The Department of Labor has begun enforcing the law passed in March 2010 requiring break time for nursing mothers and has cited 15 employers for violations of the law. We wrote about this law at the time the statute went into effect. While there was little guidance about the law at that time, the Department of Labor has provided a little more direction since then. However, there are still no formal implementing rules for the requirement.

The health care reform law passed in 2010 amended the Fair Labor Standards Act requiring “reasonable” break time for employees who are nursing mothers. The general requirements are as follows:

  • The employee must be a non-exempt employee under the FLSA.
  • The nursing mother’s child must be 1 year old or younger.
  • Breaks must be provided as frequently as needed by the nursing mother.
  • The duration of the breaks “may vary” as needed but no specified time period is set forth in any Department of Labor guidance.
  • A place must be provided that is “shielded from view and free from intrusion from coworkers and the public” that is not a bathroom. The space need not be designated for this purpose at all times, but it must be available when the nursing mother needs it. If the employer has no nursing mothers, the employer does not need to maintain dedicated space for nursing mothers.

This federal law does not apply to employers with fewer than 50 employees if compliance would impose an undue hardship, looking at the difficulty or expense of compliance given the size, financial resources, nature, and structure of the employers’ business. In determining if an employer has 50 employees, all employees, regardless of work site, are counted.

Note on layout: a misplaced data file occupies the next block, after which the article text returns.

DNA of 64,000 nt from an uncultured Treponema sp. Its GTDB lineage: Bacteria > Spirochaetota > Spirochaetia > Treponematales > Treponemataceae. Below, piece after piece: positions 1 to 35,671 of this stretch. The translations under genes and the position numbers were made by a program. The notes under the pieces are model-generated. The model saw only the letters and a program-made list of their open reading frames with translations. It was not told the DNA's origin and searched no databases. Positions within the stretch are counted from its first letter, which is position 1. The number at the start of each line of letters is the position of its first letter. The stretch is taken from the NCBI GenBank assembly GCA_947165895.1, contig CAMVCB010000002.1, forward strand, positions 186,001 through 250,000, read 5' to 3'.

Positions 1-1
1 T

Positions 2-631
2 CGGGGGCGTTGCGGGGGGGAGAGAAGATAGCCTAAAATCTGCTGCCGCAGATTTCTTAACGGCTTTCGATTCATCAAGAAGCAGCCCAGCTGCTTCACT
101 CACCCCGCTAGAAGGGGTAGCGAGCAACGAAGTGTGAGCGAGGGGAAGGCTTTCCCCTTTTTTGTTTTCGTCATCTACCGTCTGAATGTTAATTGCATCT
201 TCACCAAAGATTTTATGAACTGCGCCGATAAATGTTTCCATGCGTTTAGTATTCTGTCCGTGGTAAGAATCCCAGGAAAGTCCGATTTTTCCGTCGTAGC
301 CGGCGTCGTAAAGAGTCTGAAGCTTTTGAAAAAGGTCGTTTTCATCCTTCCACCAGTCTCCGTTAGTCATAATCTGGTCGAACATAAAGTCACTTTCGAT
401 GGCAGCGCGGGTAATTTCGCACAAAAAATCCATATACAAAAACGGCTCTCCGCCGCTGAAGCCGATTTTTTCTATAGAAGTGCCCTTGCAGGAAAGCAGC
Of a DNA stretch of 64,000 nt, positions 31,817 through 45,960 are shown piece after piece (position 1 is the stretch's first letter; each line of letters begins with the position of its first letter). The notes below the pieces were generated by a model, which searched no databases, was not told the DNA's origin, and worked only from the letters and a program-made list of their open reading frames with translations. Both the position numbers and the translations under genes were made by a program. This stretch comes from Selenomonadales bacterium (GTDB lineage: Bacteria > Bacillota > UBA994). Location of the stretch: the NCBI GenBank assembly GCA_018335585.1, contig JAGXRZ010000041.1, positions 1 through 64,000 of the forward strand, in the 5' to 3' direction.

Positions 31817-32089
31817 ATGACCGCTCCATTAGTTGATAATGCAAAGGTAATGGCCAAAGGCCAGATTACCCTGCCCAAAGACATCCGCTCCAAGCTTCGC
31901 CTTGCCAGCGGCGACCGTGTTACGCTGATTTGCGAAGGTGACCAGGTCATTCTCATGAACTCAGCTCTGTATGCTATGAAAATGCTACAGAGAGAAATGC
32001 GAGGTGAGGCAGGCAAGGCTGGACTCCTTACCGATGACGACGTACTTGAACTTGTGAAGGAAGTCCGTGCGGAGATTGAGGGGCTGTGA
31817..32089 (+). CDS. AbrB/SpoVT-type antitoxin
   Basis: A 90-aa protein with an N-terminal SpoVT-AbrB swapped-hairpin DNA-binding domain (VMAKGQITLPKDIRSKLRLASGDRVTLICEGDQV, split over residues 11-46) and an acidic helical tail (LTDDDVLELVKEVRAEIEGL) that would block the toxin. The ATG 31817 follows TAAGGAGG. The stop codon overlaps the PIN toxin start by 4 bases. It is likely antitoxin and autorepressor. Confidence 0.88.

There was some confusion about compensation for nursing mother breaks. Employers are not required to compensate employees for these breaks, but if they provide paid break time, they must compensate an employee who uses that time to express milk the same way as other employees are compensated for their break time. If an employee is not released from all job duties, she must be compensated. Many employers follow the general practice that breaks under 20 minutes are compensated, but longer breaks are not. Whether an employer is required to compensate an employee during her break, however, becomes more complicated if the nursing mother takes longer than a 20 minute break. The Department of Labor has not yet released more specific guidance on this topic.

This law does not preempt state laws that provide greater protection to nursing mothers. And some state laws may provide break time for exempt employees or for employees beyond 1 year after the child’s birth or require that smaller employers provide break time. For Ohio employers, Ohio’s nursing mother protection statute, is more general, requiring places of public accommodation permit a mother to breastfeed in any place of public accommodation where the mother is permitted. Employers with places of public accommodation (restaurants, stores, banks, etc.) should be mindful of this statute as well.